In Australian women, breast cancer is the most common cancer and the second most common cause of cancer-related death after lung cancer. One in nine Australian women will be diagnosed with breast cancer and one in 37 will die from the disease by the age of 85 years. More than 12,000 women are diagnosed with breast cancer in Australia each year, and tragically, more than 2,600 lose their life.
Due to Australia’s ageing population, the incidence of breast cancer is still on the rise. However more women are surviving breast cancer than ever before. The one year survival rate is 97% and 88% of women diagnosed with breast cancer can expect to still be alive five years after diagnosis. Significant advances in the early detection and treatment of breast cancer mean that more women are surviving the disease than ever before.
Breast cancer is a disease in which abnormal cells in the breast tissue multiply and form a tumour. Breast tissue consists mainly of fat, glandular tissue, milk ducts and connective tissue. In the majority of invasive breast cancers, the tumour begins in the lining of the milk ducts. If undetected, these rogue cells may also spread to other parts of the breast, the lymph nodes under the arm, and to other parts of the body.
Breast cancer is not one single disease. It takes many different forms and is characterised by differences in disease aggression and response to treatment.
How breast cancer is diagnosed
Most breast lumps are not cancers; however, any new lump that does not go away after three to four weeks should be examined by a GP. Depending on the circumstances, a follow-up referral to a breast surgeon or a breast clinic for further tests may be appropriate. An ultrasound of the breast is simple and painless. Mammograms are breast x-rays and involve the breast being squashed between two plates so that the radiographer can clearly see the tissue in question. A biopsy, if needed, is done under a local anaesthetic with a small needle similar to the type used in blood tests.
If you are over 50, or have a family history of breast cancer, it is recommended that you have a mammogram every two years. These are provided as a free health service. If you are under 50 it is still important to conduct an examination of your own breasts every month, ideally just after a period. If you notice anything unusual, consult your GP.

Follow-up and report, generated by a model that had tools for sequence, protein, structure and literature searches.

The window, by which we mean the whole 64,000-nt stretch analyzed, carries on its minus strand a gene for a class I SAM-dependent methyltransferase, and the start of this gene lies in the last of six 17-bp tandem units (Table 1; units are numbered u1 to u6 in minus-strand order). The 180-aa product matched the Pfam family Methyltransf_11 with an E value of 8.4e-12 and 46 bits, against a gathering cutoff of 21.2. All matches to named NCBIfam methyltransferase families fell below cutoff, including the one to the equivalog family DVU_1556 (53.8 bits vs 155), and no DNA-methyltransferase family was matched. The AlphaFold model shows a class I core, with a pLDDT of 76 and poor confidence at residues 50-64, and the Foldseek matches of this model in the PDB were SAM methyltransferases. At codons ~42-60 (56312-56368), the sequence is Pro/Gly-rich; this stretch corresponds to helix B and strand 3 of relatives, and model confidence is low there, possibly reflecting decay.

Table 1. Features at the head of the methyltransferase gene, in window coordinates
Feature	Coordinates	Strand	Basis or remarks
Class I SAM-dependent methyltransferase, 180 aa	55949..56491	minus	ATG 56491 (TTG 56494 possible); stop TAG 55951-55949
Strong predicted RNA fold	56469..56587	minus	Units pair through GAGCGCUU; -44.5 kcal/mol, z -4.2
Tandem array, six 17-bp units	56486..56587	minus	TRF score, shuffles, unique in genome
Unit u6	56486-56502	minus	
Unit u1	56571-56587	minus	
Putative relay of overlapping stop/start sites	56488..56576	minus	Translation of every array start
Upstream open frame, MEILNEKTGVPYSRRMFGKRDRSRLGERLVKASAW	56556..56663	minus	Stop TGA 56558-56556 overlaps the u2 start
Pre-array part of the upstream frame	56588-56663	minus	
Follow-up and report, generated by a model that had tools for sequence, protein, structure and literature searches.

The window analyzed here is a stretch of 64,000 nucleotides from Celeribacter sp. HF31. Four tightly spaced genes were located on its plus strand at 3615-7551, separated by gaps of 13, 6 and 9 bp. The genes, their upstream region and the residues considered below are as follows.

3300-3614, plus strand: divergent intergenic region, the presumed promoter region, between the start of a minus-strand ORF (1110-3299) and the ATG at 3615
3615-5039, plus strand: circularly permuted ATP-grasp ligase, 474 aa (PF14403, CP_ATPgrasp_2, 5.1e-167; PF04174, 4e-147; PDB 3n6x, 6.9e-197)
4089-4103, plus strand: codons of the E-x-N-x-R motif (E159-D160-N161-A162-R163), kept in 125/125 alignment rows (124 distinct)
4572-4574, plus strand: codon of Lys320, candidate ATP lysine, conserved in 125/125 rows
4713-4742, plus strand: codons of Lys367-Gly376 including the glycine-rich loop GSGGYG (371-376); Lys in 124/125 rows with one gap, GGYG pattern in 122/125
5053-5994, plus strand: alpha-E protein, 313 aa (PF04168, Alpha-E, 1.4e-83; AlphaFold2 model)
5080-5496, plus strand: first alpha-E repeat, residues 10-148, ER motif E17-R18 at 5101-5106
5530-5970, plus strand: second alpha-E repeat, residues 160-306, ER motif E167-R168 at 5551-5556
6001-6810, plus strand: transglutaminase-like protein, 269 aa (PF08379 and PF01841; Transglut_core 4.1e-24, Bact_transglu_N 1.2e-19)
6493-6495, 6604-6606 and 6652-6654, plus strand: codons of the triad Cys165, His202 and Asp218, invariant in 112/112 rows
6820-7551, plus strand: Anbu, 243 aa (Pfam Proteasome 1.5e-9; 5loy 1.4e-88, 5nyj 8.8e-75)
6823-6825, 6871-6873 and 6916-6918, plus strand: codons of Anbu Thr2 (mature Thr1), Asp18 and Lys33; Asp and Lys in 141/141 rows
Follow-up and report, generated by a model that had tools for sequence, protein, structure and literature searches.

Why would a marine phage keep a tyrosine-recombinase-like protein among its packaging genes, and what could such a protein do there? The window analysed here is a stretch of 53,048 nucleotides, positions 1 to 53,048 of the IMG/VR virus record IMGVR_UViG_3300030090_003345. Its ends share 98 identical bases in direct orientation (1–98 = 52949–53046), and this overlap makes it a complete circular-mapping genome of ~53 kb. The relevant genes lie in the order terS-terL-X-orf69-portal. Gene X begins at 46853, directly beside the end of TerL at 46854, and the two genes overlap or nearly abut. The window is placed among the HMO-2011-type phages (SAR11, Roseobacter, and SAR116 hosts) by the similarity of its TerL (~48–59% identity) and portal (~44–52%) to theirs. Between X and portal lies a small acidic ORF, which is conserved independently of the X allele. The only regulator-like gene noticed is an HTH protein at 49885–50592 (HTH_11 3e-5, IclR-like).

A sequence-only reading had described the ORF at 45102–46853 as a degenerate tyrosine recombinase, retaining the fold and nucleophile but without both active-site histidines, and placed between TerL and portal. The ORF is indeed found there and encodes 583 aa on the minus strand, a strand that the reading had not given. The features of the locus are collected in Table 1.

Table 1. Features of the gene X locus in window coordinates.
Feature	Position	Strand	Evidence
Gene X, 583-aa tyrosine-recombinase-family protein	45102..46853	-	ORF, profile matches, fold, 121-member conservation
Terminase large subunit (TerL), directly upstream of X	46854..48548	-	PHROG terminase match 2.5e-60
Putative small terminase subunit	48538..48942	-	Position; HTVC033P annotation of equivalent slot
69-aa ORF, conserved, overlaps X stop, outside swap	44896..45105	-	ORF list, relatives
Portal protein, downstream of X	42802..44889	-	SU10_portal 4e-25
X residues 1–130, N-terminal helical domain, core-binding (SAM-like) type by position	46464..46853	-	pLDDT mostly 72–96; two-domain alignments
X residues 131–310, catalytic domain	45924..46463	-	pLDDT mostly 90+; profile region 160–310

Breast cancer risk factors
- Gender - being female is the biggest risk factor for breast cancer, although approximately 1% of new cases are in males
- Age - more than 75% of all breast cancer occurs in women aged 50 and over. The average age of diagnosis is 68 years, with less than 10% of all cases occurring in women under 40
- Family history - inherited cancers account for less than 10% of all breast cancer cases, however, they are often more aggressive and will occur at a much younger age. Two genes in particular have been implicated in familial breast cancer. Tests for these genes are available through a genetic counselling service
- Previous history of hormone-based breast disease; for example, benign cysts or fibroadenomas. This tends to only be a higher risk when aged over 50
- Early commencement of menstruation or late menopause
- Having your first child after the age of 30
Options for breast cancer treatment
- Type of breast cancer
- Stage of breast cancer
- Whether the breast cancer will respond to certain treatments
- Where the breast cancer is and if it has spread
- A previous diagnosis of breast cancer
The four main treatments for breast cancer are radiotherapy, hormone therapy, chemotherapy and surgery (removal of the lump, removal of the breast, or removal of the breast plus surrounding lymph node tissue). These treatments can be used separately or in combination.
Garvan's research into breast cancer
The Garvan Institute is home to one of the largest cancer research groups in Australia. Apart from breast cancer, we also conduct research into ovarian, prostate, pancreatic, colorectal (bowel) and lung cancers.
The breast cancer team is researching the factors involved in the development, growth and progression of breast cancer. Specifically, Garvan aims to investigate the genetic and environmental causes of breast cancer; to develop genetic markers for early disease detection, disease progression and response to treatment; and to study the genetics and biochemistry of tumour growth. Researchers in the Bone Biology Division are also studying the way in which breast cancer can spread to the skeleton, where it causes bone destruction and becomes incurable. By using drugs that target the skeleton we are seeking to find new ways to stop the spread of cancer to bones and other tissues.
The breast cancer team has developed large tissue banks and patient databases in collaboration with several local and international breast cancer research groups. This material is being used to identify new molecules that are markers of breast cancer subtype, disease progression and response to particular therapies. A major project, being conducted in collaboration with other research groups, aims to identify molecular markers of resistance to successful treatments available for breast cancer. Development of resistance to drugs is a major reason for treatment failure. Another project is looking for new targeted therapies for patients with basal breast cancer, a subtype of cancer where no specific treatment is currently available.
Current cancer therapies use drugs that target both tumour cells and rapidly growing normal cells – causing side effects and limiting effectiveness. One of our breast cancer teams is researching new treatments that target tumour cells specifically, leaving normal cells unharmed.
The aim of these areas of research is to create better diagnosis, better treatments and ultimately, a better prognosis.
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